I recommend going about 400-500 words over as a safety net. If you want your final post to be 3,000 words, aim for 3,400-3,500 words in your first draft.
Next, it’s time to edit.
When you edit your own writing, you have to be brutally honest with yourself. It’s easy to develop editing blindness: you’re too familiar with your own writing and can miss mistakes.
To battle this, leave your article for a day or two. When you come back to it, you’ll be able to be more objective when editing.
Start by reading through your article, preferably aloud. (Yes, it’ll take a while, but it allows you to notice mistakes you might not otherwise notice.)
At the very least, give your article a close read all the way through. Do all sentences make sense? Are all phrases unclear? Be ruthless with your editing.
It’s also a good idea to use apps to help refine your drafts. First, put it through a spell checker, but be careful because a spell checker won’t catch everything.
(For example, if you wrote “I through the baseball” instead of “I threw the baseball,” a spell checker won’t catch it even though it’s incorrect.)
Next, use Grammarly. It’s a free grammar checker that will highlight any errors and help you correct them.
Finally, run your article through the Hemingway app. This is a fantastic text editor that will point out long sentences, complex words, and adverbs.
The idea behind Hemingway is to make your writing more concise and more powerful.
Finally, give your article one last run-through, and if it looks good, it’s ready to be published.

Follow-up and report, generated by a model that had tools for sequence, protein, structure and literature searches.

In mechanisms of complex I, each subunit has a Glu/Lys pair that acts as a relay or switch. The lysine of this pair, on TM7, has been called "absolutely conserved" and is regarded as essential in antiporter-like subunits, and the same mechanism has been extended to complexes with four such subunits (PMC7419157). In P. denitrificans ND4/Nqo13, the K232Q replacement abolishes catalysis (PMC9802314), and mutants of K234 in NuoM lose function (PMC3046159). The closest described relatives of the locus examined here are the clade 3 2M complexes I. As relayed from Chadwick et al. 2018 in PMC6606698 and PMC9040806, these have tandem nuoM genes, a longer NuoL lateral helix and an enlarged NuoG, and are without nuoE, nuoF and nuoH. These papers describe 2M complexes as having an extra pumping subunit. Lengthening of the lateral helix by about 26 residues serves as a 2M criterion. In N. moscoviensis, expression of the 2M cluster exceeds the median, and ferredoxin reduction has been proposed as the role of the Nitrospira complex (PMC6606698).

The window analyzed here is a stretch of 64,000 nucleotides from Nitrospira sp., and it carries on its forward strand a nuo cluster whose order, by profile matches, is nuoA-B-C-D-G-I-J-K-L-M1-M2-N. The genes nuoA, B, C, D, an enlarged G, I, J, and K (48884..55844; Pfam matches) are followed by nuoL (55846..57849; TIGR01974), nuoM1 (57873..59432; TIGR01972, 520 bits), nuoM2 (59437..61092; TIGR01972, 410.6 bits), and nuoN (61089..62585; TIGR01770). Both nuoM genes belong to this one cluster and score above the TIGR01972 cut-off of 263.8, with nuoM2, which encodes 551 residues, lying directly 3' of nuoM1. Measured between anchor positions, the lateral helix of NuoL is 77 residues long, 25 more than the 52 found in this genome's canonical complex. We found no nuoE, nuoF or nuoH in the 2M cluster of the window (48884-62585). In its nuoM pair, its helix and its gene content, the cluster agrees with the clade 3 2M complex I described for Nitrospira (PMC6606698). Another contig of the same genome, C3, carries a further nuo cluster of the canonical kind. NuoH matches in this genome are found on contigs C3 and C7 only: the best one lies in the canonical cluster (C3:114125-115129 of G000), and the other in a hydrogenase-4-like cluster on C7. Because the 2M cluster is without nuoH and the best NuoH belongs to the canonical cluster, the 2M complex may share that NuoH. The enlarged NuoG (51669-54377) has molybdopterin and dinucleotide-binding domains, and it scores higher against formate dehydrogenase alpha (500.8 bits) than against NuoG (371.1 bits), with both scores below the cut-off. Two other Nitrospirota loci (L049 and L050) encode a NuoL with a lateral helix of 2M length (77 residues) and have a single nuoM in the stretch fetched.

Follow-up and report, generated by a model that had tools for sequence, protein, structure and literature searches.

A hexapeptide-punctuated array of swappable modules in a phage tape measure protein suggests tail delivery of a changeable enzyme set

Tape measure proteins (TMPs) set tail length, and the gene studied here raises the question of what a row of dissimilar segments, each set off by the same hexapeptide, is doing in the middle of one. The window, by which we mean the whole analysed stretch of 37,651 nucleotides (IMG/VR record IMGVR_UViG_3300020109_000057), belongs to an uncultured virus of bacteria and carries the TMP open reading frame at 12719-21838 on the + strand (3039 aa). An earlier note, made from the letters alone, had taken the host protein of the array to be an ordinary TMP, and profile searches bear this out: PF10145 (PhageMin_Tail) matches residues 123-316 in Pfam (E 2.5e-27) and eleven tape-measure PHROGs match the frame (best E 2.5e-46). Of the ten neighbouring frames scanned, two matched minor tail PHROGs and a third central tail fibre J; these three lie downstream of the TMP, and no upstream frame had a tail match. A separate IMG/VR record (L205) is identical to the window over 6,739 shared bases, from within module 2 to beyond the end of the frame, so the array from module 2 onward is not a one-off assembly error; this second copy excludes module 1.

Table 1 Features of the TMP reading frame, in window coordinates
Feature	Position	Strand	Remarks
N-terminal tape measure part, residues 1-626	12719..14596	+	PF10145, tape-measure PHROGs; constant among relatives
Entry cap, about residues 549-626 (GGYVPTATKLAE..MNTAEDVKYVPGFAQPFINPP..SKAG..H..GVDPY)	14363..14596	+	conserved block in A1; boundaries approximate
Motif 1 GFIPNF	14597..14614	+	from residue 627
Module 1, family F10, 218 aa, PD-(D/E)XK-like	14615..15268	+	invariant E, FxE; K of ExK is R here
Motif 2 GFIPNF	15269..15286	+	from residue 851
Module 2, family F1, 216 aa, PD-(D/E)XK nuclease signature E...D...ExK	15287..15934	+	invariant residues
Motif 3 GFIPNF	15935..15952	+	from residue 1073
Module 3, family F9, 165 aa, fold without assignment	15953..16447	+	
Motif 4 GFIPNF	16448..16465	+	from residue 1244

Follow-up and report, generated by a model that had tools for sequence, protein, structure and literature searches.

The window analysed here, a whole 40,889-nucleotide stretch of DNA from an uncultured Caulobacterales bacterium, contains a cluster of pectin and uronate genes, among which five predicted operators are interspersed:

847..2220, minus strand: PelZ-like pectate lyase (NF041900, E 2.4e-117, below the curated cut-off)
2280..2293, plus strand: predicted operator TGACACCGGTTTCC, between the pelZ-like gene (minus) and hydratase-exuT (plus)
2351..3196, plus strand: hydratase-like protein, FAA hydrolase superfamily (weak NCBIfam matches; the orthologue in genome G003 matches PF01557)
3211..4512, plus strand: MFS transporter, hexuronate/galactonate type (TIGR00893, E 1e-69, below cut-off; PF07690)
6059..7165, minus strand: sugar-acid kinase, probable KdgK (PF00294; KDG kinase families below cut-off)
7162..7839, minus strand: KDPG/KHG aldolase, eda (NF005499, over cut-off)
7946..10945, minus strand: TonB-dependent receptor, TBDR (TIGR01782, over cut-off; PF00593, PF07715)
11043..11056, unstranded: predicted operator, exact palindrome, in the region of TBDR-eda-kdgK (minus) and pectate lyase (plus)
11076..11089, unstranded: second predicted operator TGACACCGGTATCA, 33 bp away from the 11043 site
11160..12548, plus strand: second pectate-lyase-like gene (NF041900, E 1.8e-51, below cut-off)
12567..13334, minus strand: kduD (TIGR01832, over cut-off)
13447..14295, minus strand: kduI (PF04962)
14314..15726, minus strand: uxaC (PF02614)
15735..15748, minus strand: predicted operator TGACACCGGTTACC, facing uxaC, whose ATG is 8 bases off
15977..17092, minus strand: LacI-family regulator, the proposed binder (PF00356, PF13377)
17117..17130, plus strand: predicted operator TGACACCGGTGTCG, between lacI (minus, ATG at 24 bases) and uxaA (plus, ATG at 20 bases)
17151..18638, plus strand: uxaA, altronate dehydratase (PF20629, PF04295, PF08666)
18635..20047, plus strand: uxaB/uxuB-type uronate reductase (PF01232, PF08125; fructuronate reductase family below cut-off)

That wasn’t so difficult, right?
And the best part is, once you do this over and over, you’ll get better and better at it, and it’ll be easier and easier to do.
Writing a long-form article is simply a formula that you can apply to any topic. Find your topic, get your sources, build your pillars, write with detail, and edit. Rinse and repeat.
If you write about something you know well, the formula can’t fail. All you need is a few hours behind your screen and some motivation.
In fact, I’d say that writing 3,000+ word articles is easier than writing short (500-700-word) articles. You can cover a lot of ground in 3,000 words without having to worry about rambling on.
But it still takes a lot of practice to write great long-form articles. (I’m still practicing after 10+ years of blogging.)
So, take this formula, and use it to create some awesome long-form content.
What’s your biggest challenge with writing long-form content?